INGREDIENTS • 206g, or 1 cup sugar • 142g, or 1⁄2 cup, plus 11⁄2 tbsp heavy cream • 1 ½ tsp Agar Powder (originally 12g, or 4 tsp gelatin, powdered) • 60g, or 1⁄4 cup water, cold • 148g, or 2/3 cups water, room temperature • 71g, or 1⁄2 cup, plus 5 tsp cocoa powder
In a medium pot, bring sugar and heavy cream to a boil over medium heat, stirring until the sugar dissolves.
Add the Agar powder and heat while stirring until mixture starts to thicken (1-2 min, medium low heat.)
In a bowl, combine the 148g (2/3 cups) room temperature water with the cocoa powder, stirring with a spatula until it becomes a uniform paste.
Stir cream-sugar-Agar mixture into cocoa powder paste until combined.
Remove the pot from the heat, and strain the glaze mixture through a mesh strainer over a heatproof bowl to remove any clumps of undissolved cocoa powder.
Emulsify the mixture with a hand blender (immersion blender) to remove any lumps, until smooth.
Cover and chill in the fridge overnight to set, until ready to use. Should be 90 deg to pour.
Store in the fridge in an airtight container for up to 1 week.
OPTION PUBLISHED WITH THIS RECIPE INGREDIENTS: • 50 ml Water • 50 ml Heavy Cream • 50 ml Sugar • 80 gm Cocoa Powder • 2 tsp Agar Agar
Bring all the ingredients to boil in a medium saucepan.
Whisk to cool to room temperature
Sieve once to remove lumps
ASSEMBLING AND DECORATION:
After 8 hours remove mousse from freezer and remove from the moulds
Place mousse domes on cooling rack.
Pour Dark Chocolate or White Chocolate Glaze over the dome and place the dome in freezer for 5 mins.
I sprinkled some freeze dried raspberry powder on the domes to add a little bitterness to the sweetness of the mouse and glaze.
Anyone who read the post on my go-to brownie recipe knows a vital ingredient is jammy bits. These are small pieces of sugar coated chewy raspberry jam. They add texture, moisture and flavor to the brownies, but they are time consuming to make. (You can buy them at King Arthur Baking.)
The California wildfires “smoked us in” this morning with the AQI over 300 (!) I decided to stay inside (except to walk Rosie while wearing a KN-95 mask.) This provided the time necessary to make jammies. (Full disclosure: I also baked some chocolate chip cookies and blueberry drop scones from frozen doughs I made previously. I had to do something as the jam was reducing!)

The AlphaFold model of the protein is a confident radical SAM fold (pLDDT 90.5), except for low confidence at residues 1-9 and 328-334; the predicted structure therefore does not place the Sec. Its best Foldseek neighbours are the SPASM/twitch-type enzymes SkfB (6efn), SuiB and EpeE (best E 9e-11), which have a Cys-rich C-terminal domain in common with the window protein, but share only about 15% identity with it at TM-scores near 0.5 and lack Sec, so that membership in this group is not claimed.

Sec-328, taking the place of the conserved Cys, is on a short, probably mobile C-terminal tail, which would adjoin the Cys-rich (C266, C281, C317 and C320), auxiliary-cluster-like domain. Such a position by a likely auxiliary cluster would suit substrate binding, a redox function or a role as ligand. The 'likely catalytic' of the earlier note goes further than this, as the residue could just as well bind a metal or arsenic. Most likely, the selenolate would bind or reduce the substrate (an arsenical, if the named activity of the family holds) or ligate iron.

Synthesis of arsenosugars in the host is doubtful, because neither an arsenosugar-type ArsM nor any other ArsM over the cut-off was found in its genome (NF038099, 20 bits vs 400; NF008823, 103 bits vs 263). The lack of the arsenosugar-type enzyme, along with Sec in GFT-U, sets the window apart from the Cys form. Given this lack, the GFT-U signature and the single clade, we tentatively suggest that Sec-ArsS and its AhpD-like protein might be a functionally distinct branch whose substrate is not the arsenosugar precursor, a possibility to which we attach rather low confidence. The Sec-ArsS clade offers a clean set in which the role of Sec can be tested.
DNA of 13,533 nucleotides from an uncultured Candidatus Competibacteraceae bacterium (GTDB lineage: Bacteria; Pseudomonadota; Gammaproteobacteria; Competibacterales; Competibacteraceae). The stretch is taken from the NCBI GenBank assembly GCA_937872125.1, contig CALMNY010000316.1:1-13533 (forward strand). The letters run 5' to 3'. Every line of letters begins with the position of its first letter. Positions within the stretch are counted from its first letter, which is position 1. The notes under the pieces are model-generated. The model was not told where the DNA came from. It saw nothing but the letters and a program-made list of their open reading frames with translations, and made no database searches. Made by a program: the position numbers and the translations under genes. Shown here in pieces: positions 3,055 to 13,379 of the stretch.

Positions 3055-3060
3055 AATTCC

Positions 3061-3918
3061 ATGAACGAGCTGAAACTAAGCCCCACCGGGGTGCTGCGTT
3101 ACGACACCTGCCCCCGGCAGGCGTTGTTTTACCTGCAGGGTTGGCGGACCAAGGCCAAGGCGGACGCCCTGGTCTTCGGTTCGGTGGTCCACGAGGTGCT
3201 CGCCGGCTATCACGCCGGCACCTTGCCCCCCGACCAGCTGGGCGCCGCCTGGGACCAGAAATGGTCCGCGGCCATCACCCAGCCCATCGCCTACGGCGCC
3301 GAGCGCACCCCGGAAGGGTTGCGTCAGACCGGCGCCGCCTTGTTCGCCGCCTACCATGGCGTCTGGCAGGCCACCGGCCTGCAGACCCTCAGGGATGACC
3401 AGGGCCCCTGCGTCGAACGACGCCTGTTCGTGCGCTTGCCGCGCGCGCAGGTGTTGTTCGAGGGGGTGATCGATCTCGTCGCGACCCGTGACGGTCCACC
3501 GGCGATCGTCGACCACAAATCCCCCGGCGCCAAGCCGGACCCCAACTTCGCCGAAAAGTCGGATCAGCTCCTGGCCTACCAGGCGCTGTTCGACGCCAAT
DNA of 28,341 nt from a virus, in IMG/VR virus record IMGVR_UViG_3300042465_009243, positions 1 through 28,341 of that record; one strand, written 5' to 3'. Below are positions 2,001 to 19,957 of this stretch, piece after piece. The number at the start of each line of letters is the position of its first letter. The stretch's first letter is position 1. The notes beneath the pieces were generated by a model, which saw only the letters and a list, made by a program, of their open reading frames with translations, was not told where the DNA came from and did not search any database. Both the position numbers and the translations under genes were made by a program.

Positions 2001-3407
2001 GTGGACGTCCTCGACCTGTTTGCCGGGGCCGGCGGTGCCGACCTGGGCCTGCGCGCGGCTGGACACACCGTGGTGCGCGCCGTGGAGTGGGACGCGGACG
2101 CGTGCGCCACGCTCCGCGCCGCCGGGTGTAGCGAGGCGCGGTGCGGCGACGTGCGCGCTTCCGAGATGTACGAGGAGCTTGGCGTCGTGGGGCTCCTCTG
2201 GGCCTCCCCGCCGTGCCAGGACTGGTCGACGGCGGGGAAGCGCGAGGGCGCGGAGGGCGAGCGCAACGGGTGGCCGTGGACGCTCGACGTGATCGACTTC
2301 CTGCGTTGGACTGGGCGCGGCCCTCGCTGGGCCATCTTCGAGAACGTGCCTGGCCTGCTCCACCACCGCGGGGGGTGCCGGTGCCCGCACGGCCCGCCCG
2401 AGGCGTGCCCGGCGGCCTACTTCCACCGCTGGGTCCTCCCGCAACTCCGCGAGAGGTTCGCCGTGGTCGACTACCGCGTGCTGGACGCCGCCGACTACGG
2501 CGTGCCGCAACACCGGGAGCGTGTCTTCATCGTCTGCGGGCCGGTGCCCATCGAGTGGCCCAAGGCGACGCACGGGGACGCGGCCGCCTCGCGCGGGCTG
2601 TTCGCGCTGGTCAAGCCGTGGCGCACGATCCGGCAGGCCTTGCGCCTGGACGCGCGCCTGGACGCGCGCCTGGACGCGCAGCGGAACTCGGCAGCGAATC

Once the jammy bits are cut put them in an airtight container, add several tablespoons of caster sugar and toss to coat the bits. If some stick together break them apart and re-coat. If some to stick together when you go to use them, just cut them apart.
Fruit Jammy Bits
• 2 cups Berries • 2 Tbl Fruit Pectin • 2 cups sugar • Caster sugar (Extra Fine) for coating
Heat puree to barely boiling and add pectin
Once pectin is incorporated, add the sugar
Continue boiling until mixing marks stay 7-10 seconds or about 235-240F
Pour mixture into a fine sieve to remove seeds. Press firmly to squeeze as much seedless puree as possible through the sieve. I let the drippings fall on the caster sugar coated silicone mat trying to keep the thickness to 1-2mm.
If necessary, spread mixture on caster sugar coated silicone mat and freeze
Remove the sheet of fruit from the freezer and coat top with caster sugar
Flip coated over onto a cutting board and coat the now top surface with more sugar
When the fruit sheet is pliable cut into small squares (1/4” across) with a knife
Toss the jammy bits into a bowl of sugar then store in an air-tight container in the freezer
So what is a person to do with two very over-ripe bananas? Throw them out? I think not! Being both thrifty and whimsical I found an easy recipe for banana bread and at QC’s request added some raisins. In hindsight, I should have added more raisins. Next time I will use a whole cup instead of half. (Below recipe modified)
The recipe called for two tablespoons of sugar to be sprinkled on the top of the loaf prior to baking. This added a nice crunch and caramelization to the loaf. However, one tablespoon would probably be adequate. (Below recipe modified.)